Spiritually Segregated (Part 4)


This is the beginning of the exception in terms of the religious-racial-political dynamic.

Jehovah’s Witnesses – Although some may not like it, but Jehovah’s Witnesses are doing a much better job on the lines of race than most. They still need to work on attracting Asians, but with 48% White, 24% Hispanic and 22% Black. I have a difficult time being that critical of their efforts. Yes, they can and should do more, but as Jehovah as my witness they’re doing something that others are not.

But isn’t it interesting that only 10% are Republicans or lean towards a Conservative agenda and 15% are Democrats or lean towards a Liberal or Progressive agenda and 14% consider themselves as Independent.

These numbers begs me to ask why so reluctant to share their political views with 61% not wanting to answer or responding. Can Americans, this means all, be accepting of a Jehovah’s Witness as President? Or are we find our comfort clinging to our religion and our guns?

Giving the social and political views of other groups I’m unsure.

Jews – Since this is a racial/ethnic group all of its own I’ve found it difficult to make the comparison, although I would say more efforts should be made to educate all other racial groups about Judaism.

23% are Republicans or lean towards a Conservative agenda in comparison to 65% are Democrats or lean towards a Liberal or Progressive agenda. If compared to Historically Black Churches, both racial groups tend to have the same political and social interests in contrast to what some may like for you to believe, Blacks and Jews are more alike than different.

Perhaps this may begin the discussion or help explain the conversion of hate and faith in politics and religion among certain groups previously mentioned and historically documented in opposition to my Jewish friends.

Quick Note: I know this may upset my Christian friends, but it wouldn’t be the first time you’ve been at odds with me. But I want you to keep in mind that you can’t have Christianity without Judaism. Oh why did I say that, how damned am I to Hell now.

Muslims – Although some may find the sarcasm in this statement a bit much, but I’m not trying to be. I’m only asking a question to make you think about what it is you’re doing to resolve the spiritual segregation.

Why do you think that in the US 63% of Muslims are Democrats or lean more towards a Liberal or Progressive agenda than the 11% who identify with Republicans or lean more towards a Conservative agenda?

I know the answer to it, but I want to hear from you. I especially would love to hear from my friends who practice Islam because I would find your response more valuable than others because you are more directly impacted by it.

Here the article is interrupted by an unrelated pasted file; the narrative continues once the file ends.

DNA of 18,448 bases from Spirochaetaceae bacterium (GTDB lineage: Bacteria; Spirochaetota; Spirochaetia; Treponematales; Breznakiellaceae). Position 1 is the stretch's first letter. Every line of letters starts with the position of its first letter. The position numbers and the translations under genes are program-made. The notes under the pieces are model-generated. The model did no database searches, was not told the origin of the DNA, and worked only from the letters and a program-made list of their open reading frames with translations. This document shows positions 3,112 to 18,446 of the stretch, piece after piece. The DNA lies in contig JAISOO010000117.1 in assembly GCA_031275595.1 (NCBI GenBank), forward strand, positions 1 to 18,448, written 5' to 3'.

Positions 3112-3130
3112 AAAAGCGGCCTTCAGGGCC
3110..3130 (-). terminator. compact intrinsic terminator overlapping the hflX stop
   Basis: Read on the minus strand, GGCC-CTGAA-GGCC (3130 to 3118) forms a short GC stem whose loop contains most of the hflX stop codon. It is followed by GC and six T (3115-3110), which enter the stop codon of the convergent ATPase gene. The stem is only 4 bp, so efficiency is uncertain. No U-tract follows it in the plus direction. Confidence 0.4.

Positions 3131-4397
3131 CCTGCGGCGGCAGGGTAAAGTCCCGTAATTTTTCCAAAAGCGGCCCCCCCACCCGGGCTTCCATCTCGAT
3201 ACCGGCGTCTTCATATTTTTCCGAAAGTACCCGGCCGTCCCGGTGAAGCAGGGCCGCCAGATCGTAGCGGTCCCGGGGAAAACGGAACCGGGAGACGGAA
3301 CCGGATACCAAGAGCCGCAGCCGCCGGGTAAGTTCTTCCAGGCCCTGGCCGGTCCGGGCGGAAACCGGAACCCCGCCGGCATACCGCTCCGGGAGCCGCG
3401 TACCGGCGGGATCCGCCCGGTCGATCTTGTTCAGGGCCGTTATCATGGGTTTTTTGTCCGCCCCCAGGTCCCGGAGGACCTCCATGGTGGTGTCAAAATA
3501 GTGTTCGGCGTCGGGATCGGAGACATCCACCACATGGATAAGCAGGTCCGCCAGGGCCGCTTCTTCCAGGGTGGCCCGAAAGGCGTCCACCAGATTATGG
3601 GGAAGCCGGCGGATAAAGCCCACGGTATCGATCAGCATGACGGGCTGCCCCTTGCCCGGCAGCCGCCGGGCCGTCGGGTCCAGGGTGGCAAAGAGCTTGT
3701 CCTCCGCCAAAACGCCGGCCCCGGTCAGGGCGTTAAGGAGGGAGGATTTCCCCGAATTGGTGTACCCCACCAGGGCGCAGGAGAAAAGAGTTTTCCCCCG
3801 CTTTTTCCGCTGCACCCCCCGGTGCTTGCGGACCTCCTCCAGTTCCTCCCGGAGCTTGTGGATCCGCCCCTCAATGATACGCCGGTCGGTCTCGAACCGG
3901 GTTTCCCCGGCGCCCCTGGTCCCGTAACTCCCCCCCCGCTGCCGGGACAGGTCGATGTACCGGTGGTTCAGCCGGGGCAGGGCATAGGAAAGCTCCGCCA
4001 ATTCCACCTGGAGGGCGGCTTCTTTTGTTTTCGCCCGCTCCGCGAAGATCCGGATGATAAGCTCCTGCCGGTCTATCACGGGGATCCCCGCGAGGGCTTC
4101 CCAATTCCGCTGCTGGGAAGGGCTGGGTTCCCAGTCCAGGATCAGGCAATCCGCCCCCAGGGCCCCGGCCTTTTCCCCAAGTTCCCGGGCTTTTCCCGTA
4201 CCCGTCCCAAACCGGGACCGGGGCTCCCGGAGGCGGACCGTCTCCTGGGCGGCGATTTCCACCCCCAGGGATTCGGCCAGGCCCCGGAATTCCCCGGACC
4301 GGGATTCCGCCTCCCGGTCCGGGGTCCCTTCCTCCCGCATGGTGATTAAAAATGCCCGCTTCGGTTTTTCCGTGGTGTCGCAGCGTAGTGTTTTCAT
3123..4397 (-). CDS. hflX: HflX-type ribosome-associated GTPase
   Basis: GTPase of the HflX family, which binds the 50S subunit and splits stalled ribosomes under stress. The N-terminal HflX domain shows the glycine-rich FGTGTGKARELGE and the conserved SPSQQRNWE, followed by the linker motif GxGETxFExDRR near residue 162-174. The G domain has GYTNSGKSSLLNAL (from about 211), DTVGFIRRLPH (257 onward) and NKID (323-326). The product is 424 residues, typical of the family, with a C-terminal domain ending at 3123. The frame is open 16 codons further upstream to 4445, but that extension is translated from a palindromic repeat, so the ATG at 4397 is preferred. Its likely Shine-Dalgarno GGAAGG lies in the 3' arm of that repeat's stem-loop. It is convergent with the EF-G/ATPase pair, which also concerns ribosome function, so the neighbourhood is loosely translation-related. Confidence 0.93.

What I find interesting was when I discovered back in my childhood that there are more similarities between Muslims and Jews, Muslims and Blacks, Muslims and Non-Mainline or Evangelical White Christians than there are differences. Open yourself up to experience friendship by accepting one another not on the basis of your differences, but similarities.

Buddhists – I hope you see the political, religious and racial pattern, because 67% of Buddhist are Democrats or lean towards Democrats in their political views than the 18% of Buddhist who are Republicans. With 53% White and 32% Asian at least it’s not overwhelmingly one sided. But my Buddhist friends also have more work to do in terms of diversity.

How can we ‘coexist’ without acceptance?

Hindus – 88% Asian with only a combined 12% of all other races is in contention with the cultural divisions within other beliefs or religious practices. The trend continues in terms of the political view of my Hindu friends, because with 13% associating with Republicans or a Conservative ideology, 13% considering them Independent and 63% consider themselves to be Democrats you must take that into consideration.

Although I understand why the demographics are the way that they are that doesn’t excuse the responsibility Hindus have to also contribute to diversity.

There are others, but I wanted to cover the major religious/spiritual beliefs that our found in the United States. But the point of all of this is that there’s a spiritual and racial void that is found in the way we define our existence by labels placed upon us.

How long should we continue welcoming spiritual segregation within our churches? How long will we sit in silence in the segregated communities that remain psychologically and some literally in terms of our religion, politics and race?